For attendees looking to do some pre-study, there are some excellent tutorials and books on containers and Infrastructure as Code and on broader DevOps topics you'll find some cool podcasts like Arrested DevOps or The Ship Show that'll help introduce the field to you.
If there's one bit of DevOps advice you could give to web developers, what would it be? What are we frequently getting wrong?
Web developers are uniquely positioned in our community. They are the glue between backend services and the user experience. That makes your work especially impactful and your connection to the end user is incredibly useful to others working on the rest of the stack. The best DevOps advice I can give web developers is to share their work and insights with the teams managing the backend and infrastructure which your code runs. Good performance, security, and scalability only come from all teams sharing a single objective and understanding how their pieces interact; a collaborative design. This collaboration will also reap rewards during outages, deployments and product planning.
Networking is a huge benefit to going to conferences but some new developers may be too shy to join conversations or introduce themselves. What tips can you give for conference networking?
That's a hard question! I'm an introvert so I totally understand how exhausting and stressful interacting with new folks can be. I can share some ideas on how best to interact with speakers and attendees.
First, be engaged! Don't sit glued to your laptop during talks. Look at the speaker, they are brave enough to get up and share their ideas, so give them your attention and time. As a speaker, it's also so much more empowering to look out at an audience of folks looking back at you!
Interested in being a speaker but nervous about committing to a full session? The Ignite program is for you! These are 5 minute, 20 slide, lightning talks that are a great way to ease into speaking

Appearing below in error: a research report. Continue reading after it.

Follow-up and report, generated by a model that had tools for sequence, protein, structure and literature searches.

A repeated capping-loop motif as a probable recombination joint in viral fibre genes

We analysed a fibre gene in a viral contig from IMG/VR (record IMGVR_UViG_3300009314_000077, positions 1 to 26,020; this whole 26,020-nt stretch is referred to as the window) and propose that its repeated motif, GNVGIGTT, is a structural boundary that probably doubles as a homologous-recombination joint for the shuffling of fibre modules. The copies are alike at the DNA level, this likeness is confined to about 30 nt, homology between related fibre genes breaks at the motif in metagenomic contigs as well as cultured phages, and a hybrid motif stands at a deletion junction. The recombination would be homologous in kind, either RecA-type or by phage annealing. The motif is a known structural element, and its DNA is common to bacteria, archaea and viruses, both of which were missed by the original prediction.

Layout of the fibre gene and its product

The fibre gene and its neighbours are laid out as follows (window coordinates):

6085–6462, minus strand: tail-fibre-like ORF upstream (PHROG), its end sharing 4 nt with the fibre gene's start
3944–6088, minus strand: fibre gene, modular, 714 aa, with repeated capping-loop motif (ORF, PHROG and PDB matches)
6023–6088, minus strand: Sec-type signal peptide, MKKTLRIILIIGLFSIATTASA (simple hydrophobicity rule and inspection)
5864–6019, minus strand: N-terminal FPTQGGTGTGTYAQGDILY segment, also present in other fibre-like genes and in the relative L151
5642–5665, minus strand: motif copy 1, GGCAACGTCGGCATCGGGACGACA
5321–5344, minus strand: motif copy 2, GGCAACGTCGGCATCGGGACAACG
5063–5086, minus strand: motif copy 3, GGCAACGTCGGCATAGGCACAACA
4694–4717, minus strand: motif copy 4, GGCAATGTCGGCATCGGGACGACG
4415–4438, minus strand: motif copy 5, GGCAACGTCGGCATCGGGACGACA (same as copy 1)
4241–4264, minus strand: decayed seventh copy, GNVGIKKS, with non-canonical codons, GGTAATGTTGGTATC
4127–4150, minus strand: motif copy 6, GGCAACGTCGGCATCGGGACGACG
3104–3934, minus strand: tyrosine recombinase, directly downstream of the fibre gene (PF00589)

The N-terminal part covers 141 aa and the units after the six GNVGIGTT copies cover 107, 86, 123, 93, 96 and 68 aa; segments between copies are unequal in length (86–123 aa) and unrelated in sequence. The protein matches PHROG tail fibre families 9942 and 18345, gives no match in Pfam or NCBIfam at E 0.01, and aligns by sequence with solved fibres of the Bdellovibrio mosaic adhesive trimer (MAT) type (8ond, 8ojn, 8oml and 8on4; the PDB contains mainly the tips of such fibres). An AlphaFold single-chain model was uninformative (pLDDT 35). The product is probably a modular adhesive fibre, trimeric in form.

If the session has a Q&A ask a relevant, brief and clear question. Q&A isn't an opportunity for you to share a story… Any question that starts with "This is more a comment than a question…" is exactly that … not a question! :) If you don't get a chance to ask your question it's okay to wait for the speaker after their session to ask it. Just be polite and patient and respectful of their time, some speakers are mentally exhausted after speaking and just want to go hide but others are happy to do an extended post-session Q&A. Be respectful too if they have to go. Most speakers will provide a Twitter handle or contact details, if you really need an answer to a question it's easy enough to follow up later on via one of those mediums when a speaker might be less swamped.
I think the golden rule of conference interaction is politeness and respect. A lot of amazing conversations happen in what's traditionally called "the hallway track" in between sessions and in the mornings, meal breaks and evenings. Being part of those conversations is usually just a matter of politely introducing yourself and asking a question. To facilitate networking Velocity also has Speed Networking before the Wednesday keynotes. Lunch breaks, especially the Birds of a Feather (or BoFs!) sessions which sit folks with an interest in a specific topic together at a table, are also especially good places to get to know some of your fellow attendees. Topics range across the board and you can also spontaneously create your own session on a topic of interest to you!
But please be especially conscious and respectful of other's interest in interacting. If someone isn't interested in talking or interacting, don't press the issue. The Velocity conference has a Code of Conduct that gives guidance on what is appropriate and inappropriate behavior.